Globalization, technology, rampant regulation and fierce competition at every turn have made today’s workplace more complicated than ever. This is causing professionals at all levels to flounder as they attempt to navigate the “Gray Area” of a company—the environment and culture that manifests from the multi-faceted challenges and forces that organizations face.

While an intangible, the Gray Area is a very real phenomenon driven by human nature, internal and external politics, industry guidelines, company protocols and market pressures. The importance of learning how to effectively communicate within this ambiguous environment cannot be understated. Too many in our nation’s workforce are ill-equipped to engage an audience with ease and intention, which is keeping them from realizing their full potential and attain a maximum measure of success.

With this in mind, here are four tactical tips to help professionals at every level become more effective communicators and gain better control of their career trajectory:

1. Become the Universal Translator. The most valued and successful person in any business is the one who can translate facts, figures, and concepts into actionable ideas that will make sense and resonate with the appropriate parties. 

The Universal Translator:

  • Steps out of their comfort zone or discipline;
  • Avoids insider department lingo or technical terms and focuses on the audience at hand;
  • Suggests specific ways others can move forward;
  • Presents the vision, plan or theory in a way that is clear, crisp, confident and above all, ACTIONABLE. 

This person is so successful because of their ability to translate complex or technical concepts into strategic steps that will impact the bottom line. If others can understand, relate to and rally around what you are presenting, it is sure to yield winning results.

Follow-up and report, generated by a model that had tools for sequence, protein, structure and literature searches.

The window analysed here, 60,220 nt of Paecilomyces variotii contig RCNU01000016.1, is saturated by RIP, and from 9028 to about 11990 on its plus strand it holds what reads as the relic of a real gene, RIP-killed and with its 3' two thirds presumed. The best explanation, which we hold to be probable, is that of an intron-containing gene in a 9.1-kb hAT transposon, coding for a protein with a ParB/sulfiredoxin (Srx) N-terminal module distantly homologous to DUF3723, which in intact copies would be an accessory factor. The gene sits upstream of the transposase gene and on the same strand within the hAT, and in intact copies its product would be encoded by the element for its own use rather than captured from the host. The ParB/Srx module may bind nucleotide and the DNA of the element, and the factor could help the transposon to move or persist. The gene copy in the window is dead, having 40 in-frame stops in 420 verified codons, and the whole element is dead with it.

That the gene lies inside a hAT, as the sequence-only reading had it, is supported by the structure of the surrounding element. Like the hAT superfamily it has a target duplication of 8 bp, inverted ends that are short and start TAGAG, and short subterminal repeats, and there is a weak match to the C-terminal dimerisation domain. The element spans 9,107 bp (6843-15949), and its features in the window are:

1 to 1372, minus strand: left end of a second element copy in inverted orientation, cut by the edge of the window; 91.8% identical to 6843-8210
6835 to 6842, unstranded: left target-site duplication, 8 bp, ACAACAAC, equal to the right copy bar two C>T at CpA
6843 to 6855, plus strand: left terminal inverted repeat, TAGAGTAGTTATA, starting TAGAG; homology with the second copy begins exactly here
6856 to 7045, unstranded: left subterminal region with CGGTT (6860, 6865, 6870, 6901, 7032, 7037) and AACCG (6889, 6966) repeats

2. Meet before you meet. There are few things more painful and embarrassing than getting completely derailed in a meeting by a barrage of questions. The best way to avoid being pulled off track is: 

  • Determine who your key constituents are and set up one-on-one meetings with all of them a few days ahead of time;
  • Socialize the topic with each of the constituents individually, making sure you understand their perspective and answer any questions or concerns they have. 

By doing this, you will undoubtedly gain valuable information that will not only help you refine your presentation, but also be poised and prepared to actually present in the real meeting.

3. Stop, ask and listen! Today’s fast-paced workplace makes it easy to end up plowing through important conversations. Instead of yielding a productive outcome, it often produces more work and headaches.  

  • The best way to approach key conversations that need a little extra finesse or persuasion is:
  • Stop and take a breath so you don’t rush into your agenda in the first five minutes of the conversation;
  • Ask open ended questions, such as “What’s going on in your department?” or “How has this system helped you?”  
  • Once the person you’re engaged with has the opportunity to respond, make 200% sure you are actively listening—not just hearing them—and that you give them ample time to convey their thoughts without your interjection, direction or interruption.
  • When you do finally have the chance to speak, stay focused on who your audience is and what they care about to ensure that your dialogue and key points are streamlined and succinct. 

The majority of the time, you will gain key insights from these conversations and will be able to craft a more informed response that better resonates with the person(s) you’re speaking with.